Whilst living in London, I sampled most of the baby, and then young toddler, sensory classes in pram pushable distance. Tot in tow, I tootled off to different combinations of Baby Sensory, Whizzy Wonders, Hartbeeps, Monkey Music, or Gymboree classes each week from 6 months of age until 20 months. It got us out of the house and gave me peace of mind that, if I was lacking in energy and/or creativity some days (or weeks), she was getting a variety of interactions and experiences.

So one of the things I worried about when we toyed with the idea of leaving London and making our way to Thailand was whether I’d be able to make a new rich and stimulating home environment for her, especially since I wouldn’t have all her toys to hand.

It’s always hard to picture what life will be like when change is imminent, but now that I’m here in Thailand, with an immensely cheerful tot, who gets so much attention from so many different people that come across our path day to day, I realise how silly I was to worry. Strangely, while London is a big city with lots going on, and somewhere I’ve known and lived in for 13 years, I had to attend organised classes to ensure regular interactions for us both. Otherwise, unless meeting up with friends on maternity leave or others at the weekend, you could go through a day with just a few short hellos from shop tellers and maybe a nod or half smile from fellow parents pushing prams in opposite directions. Not so in Thailand. Here children are adored – by everybody – and absolutely never ignored. We have yet to come across someone, even the grumpiest or most hardened of men or women, who don’t say something to Maddy, and most often also reach out to touch her – something she’s still getting used to. (And that’s even before she whips out her “sawadee ka” (hello in Thai) or “khob khun ka” (thank you), which elicits palpable adoration!)

So, needless to say, the mere experience of travelling to somewhere new is so far offering our little tot heaps of varied stimulation, and her social confidence is growing day by day.

But we aren’t out and about all the time, and we still need to find engaging activities for her to do at home – both to keep crankiness at bay and to give us parents time to get chores done, or have a cup of coffee and catch up on Instagram in peace.

So I’ve started to become one of those ‘sensory play’ parents! And witnessing the intrigue and sense of exploration as I lay out each new activity makes my heart swell, and entices me to plan the next one.

Toddlers and pouring (water or anything from one thing to another) seems to be akin to cats and boxes! Of all her bath toys, mine has spent the most time amusing herself with 2 little jugs. So with suddenly having access to a pool (and a desire to spend lots of time there to escape the heat and humidity we’re still becoming accustomed to), the first exploratory activity I set up was a pool pouring station. I scoured our rental apartment for a bowl and jug, added in the bath pouring toys I’d brought along, a couple of empty bottles, and some little water tubs we’d got on the flight and saved, and voila – the perfect toddler water park.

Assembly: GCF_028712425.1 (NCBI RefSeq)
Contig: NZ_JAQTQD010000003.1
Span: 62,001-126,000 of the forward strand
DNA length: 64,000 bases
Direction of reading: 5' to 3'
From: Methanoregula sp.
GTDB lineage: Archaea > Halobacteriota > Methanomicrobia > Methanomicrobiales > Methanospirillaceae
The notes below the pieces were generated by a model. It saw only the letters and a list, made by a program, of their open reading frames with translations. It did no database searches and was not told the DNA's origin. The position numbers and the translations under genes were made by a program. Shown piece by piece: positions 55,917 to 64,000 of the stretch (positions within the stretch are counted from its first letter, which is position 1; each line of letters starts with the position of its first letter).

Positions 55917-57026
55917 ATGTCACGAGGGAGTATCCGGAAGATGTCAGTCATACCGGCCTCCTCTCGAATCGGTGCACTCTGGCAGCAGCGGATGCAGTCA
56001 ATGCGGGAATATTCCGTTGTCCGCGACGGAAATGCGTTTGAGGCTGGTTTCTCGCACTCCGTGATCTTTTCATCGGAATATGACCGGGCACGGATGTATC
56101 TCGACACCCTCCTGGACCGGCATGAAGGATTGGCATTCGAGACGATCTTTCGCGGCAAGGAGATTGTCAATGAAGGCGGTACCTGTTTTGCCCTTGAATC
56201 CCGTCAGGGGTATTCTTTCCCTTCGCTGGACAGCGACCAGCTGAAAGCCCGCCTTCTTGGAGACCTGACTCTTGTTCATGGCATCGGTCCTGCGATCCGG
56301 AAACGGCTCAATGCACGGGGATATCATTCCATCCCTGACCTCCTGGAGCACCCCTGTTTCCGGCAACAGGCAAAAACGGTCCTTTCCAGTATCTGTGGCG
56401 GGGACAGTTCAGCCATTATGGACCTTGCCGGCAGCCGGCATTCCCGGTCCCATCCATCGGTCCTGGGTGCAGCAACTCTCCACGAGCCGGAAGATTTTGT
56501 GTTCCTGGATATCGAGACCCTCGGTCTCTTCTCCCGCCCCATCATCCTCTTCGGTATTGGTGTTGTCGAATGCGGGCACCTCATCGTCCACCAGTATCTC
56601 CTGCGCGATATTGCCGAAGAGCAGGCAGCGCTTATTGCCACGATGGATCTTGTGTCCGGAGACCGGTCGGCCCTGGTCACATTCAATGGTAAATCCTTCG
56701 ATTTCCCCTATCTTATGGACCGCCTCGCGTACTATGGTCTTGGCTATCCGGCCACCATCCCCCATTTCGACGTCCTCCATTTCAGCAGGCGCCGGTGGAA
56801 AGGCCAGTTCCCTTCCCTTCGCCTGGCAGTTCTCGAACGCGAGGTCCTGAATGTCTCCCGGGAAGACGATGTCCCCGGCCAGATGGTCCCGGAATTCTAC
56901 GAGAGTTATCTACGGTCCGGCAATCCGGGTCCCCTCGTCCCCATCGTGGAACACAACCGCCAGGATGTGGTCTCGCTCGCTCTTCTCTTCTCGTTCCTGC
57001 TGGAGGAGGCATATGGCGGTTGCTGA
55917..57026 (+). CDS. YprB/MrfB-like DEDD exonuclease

The only downside is trying to convince her that she cannot spend forever pouring in the pool! And we can never go to the pool without the pouring equipment coming out! But, while the first few times she was too absorbed to want to consider doing anything else, she now flits between pouring and paddling and jumping to Daddy and chasing a ball.

And it’s also proved to be a great icebreaker when making new friends, despite their age. A 5 year old girl and 7 year old boy came to the pool one day and asked to play with Maddy, and (after getting over her initial possessiveness) once they started filling up cups she was holding and holding out bottles for her to fill, they were firm friends. And then the view from the sidelines became interesting, watching them interact with the items in such different ways – the little girl throwing bowls full of water over everyone, the boy sky writing with water spraying from bottles, sinking bottles and diving to fetch them, and swimming under the bowl and lifting it onto his head. Needless to say, our little tot was in awe of the bigger kids with their new activity and welcomed it with lots of “more”s (and, in true toddler form, expected this each time they joined us at the pool).

Those kids have since left and, while Maddy reminisces about “friends”, she still looses herself in her pouring, and still does it her way, systematically filling one item at a time and pouring the water into all the others, before choosing a favourite few to focus on for a while. I’ve been watching this for weeks and still get sucked in!